DEERFIELD BEACH, Fla. - It was a nightmare rampage of violence that police call totally random and bizarre.
A Canadian senior, a nine-year-old American boy and the man who killed them are dead and two others are seriously injured after a shooting and standoff at a Florida RV park popular with Canucks.
The incident, which ended with a SWAT team storming a mobile home Friday morning, has officials at the Broward Sheriff's Office working to piece together just what motivated a man to kill a Canadian he didn't know and then launch a bloody attack on his own family before killing himself.
"It's a very bizarre incident and it appears to be totally random," police spokesman Jim Leljedal told The Canadian Press.
Police say the attacker, William De Jesus, drove to the Highland Woods RV Park in Deerfield Beach, Fla., Thursday night from his home in Port Orange, Fla., some 350 kilometres away. His wife and their two children, aged nine and seven, were with him.
Once at the park, police say, De Jesus drove up to the lot where a Quebec couple had parked their RV and got out of his car.
At that point, 76-year-old Ovila Plante, from La Tuque, Que., came to the door of his mobile home and spoke with De Jesus, but police said the two couldn't communicate well because Plante didn't speak much English.
"De Jesus started yelling, Plante pushed him away,'' Leljedal said. ''De Jesus pulled out a gun and shot Mr. Plante once in the chest.
"When Plante went down and hit the ground, De Jesus approached him, walked up and put another bullet in his head, killing him."
With the Canadian lying dead outside the RV, De Jesus then bundled his own family into the mobile home, which was still occupied by Plante's girlfriend.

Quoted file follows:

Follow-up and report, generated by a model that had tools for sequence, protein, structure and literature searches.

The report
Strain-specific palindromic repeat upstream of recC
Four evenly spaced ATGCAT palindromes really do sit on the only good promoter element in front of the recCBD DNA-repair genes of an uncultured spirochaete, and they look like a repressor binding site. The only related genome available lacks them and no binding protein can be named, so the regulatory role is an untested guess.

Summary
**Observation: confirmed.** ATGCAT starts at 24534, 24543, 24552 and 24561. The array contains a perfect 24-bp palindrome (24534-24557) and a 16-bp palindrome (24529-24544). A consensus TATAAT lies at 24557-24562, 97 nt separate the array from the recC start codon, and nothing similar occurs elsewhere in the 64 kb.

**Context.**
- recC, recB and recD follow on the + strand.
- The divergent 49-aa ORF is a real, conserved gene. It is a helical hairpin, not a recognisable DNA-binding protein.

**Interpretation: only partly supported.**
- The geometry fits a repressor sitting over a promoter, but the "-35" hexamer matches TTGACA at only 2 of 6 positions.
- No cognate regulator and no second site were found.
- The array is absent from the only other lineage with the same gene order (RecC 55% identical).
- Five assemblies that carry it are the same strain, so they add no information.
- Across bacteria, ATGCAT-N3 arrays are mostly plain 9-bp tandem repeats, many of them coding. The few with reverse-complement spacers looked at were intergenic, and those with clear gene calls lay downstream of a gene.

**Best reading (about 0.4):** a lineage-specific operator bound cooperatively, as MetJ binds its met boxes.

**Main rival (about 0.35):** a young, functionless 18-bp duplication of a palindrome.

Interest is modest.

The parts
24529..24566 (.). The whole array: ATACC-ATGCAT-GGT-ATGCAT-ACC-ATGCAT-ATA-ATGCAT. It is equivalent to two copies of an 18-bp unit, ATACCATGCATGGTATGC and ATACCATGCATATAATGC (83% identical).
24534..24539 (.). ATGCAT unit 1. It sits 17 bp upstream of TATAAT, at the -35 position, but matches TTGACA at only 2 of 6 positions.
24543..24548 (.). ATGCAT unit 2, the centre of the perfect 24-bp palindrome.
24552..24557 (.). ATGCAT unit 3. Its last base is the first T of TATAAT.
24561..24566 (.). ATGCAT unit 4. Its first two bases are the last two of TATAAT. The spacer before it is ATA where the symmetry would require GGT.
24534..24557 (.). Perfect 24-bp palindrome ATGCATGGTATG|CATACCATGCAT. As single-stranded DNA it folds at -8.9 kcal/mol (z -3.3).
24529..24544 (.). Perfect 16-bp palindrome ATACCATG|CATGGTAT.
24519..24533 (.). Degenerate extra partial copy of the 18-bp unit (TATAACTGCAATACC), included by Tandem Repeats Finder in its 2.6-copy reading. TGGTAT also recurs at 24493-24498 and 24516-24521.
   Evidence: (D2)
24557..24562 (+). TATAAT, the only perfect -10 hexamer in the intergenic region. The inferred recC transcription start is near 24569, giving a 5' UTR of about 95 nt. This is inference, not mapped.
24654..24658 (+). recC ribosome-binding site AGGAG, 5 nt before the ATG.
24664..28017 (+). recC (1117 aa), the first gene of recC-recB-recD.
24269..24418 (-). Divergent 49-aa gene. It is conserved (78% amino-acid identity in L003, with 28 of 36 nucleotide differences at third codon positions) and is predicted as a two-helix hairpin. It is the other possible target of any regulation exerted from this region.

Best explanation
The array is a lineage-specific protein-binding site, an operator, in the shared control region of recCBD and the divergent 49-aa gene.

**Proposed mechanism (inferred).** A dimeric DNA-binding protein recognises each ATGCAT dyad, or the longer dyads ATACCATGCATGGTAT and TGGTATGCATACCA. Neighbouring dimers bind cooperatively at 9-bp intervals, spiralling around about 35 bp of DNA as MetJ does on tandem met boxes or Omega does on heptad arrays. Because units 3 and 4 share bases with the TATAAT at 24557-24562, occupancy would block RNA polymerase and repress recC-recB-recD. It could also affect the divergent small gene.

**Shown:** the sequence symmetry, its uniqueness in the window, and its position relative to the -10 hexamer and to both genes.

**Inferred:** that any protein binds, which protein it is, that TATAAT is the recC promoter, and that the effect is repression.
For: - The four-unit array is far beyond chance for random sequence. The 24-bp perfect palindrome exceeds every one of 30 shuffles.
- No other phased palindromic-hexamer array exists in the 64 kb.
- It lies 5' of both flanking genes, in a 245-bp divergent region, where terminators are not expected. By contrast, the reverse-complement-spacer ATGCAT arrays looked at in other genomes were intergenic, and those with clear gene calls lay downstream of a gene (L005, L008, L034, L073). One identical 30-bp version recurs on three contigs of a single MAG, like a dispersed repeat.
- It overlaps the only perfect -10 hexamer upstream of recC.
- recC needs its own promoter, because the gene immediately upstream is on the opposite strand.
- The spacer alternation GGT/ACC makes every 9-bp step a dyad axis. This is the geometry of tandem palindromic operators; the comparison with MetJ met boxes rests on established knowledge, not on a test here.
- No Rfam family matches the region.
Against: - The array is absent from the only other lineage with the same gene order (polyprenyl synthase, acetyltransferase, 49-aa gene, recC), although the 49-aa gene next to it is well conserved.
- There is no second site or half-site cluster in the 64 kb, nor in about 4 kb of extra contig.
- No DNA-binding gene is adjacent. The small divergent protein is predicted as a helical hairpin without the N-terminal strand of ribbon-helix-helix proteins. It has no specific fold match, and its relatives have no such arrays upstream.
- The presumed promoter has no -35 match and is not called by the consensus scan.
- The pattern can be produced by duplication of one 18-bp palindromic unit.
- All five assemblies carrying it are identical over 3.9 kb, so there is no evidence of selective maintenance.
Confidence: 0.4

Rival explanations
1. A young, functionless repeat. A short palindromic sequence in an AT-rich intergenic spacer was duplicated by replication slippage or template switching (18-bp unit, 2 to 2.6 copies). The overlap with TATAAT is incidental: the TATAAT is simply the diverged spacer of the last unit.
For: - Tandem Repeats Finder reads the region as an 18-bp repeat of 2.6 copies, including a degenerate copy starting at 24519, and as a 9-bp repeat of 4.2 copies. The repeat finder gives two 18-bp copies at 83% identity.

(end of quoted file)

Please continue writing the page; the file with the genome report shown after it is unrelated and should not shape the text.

Quebecer Pierrette Beauchemin, who is in her 70s, managed to flee the RV soon after and ran to authorities who had arrived at the park, police said.
A SWAT team surrounded the mobile home and although De Jesus spoke with police for a short time early on, that communication didn't last long.
After a standoff that lasted nearly seven hours, authorities entered the vehicle early Friday and found De Jesus and his nine-year-old son, Jeshiah, dead.
His wife, Deanna, and seven-year-old son, Samson, were badly injured.
"They'd all been stabbed," said Leljedal. "Apparently (William) De Jesus stabbed his children first, then stabbed his wife and then himself."
Police have spoken to De Jesus' injured wife and son, who are in "serious condition" but are expected to survive.
Authorities believe there was no relationship between De Jesus and the Canadians.
"There's no indication that they knew each other at all, it just appears to be totally random," said Leljedal.
"We're going to try to put together the facts as we know them. But it doesn't appear there's anyone to charge.''
Autopsies on the victims were to be conducted later Friday.
The park where the incident took place is located about 30 kilometres north of Fort Lauderdale, Fla., and is popular with Canadians, say staff at the facility's office.
"It's a very peaceful park," said Leljedal. "That's what makes this so bizarre."
Lorraine Garneau, who has a trailer near Plante's at the Florida RV park, said she headed outside after hearing a disturbance.
''We heard an argument and then we heard shots,'' she told Montreal radio station 98.5 FM. ''We got out of the trailer and saw the elderly Quebec man approaching us.
''He was bleeding from the nose, and his eyes were glassy. He told us 'Call 911, I've just been shot twice.'
''We backed off a bit. He headed toward the road trying to escape, and he fell down. We went up to him to see if he was breathing, and he was.''
When contacted at his father's home in La Tuque, Plante's 50-year-old son said he didn't want to talk about the tragedy.
"It's my father," Gerald Plante told The Canadian Press.
"There must be at least 40 people who have called, but we have to keep on working, despite our pain.
"People haven't stopped calling, but we're just asking for a litle bit of respect and to wait a day or two and then we'll talk (about it)."
— Written by Diana Mehta in Toronto, with a contribution from Peter Rakobowchuk in Montreal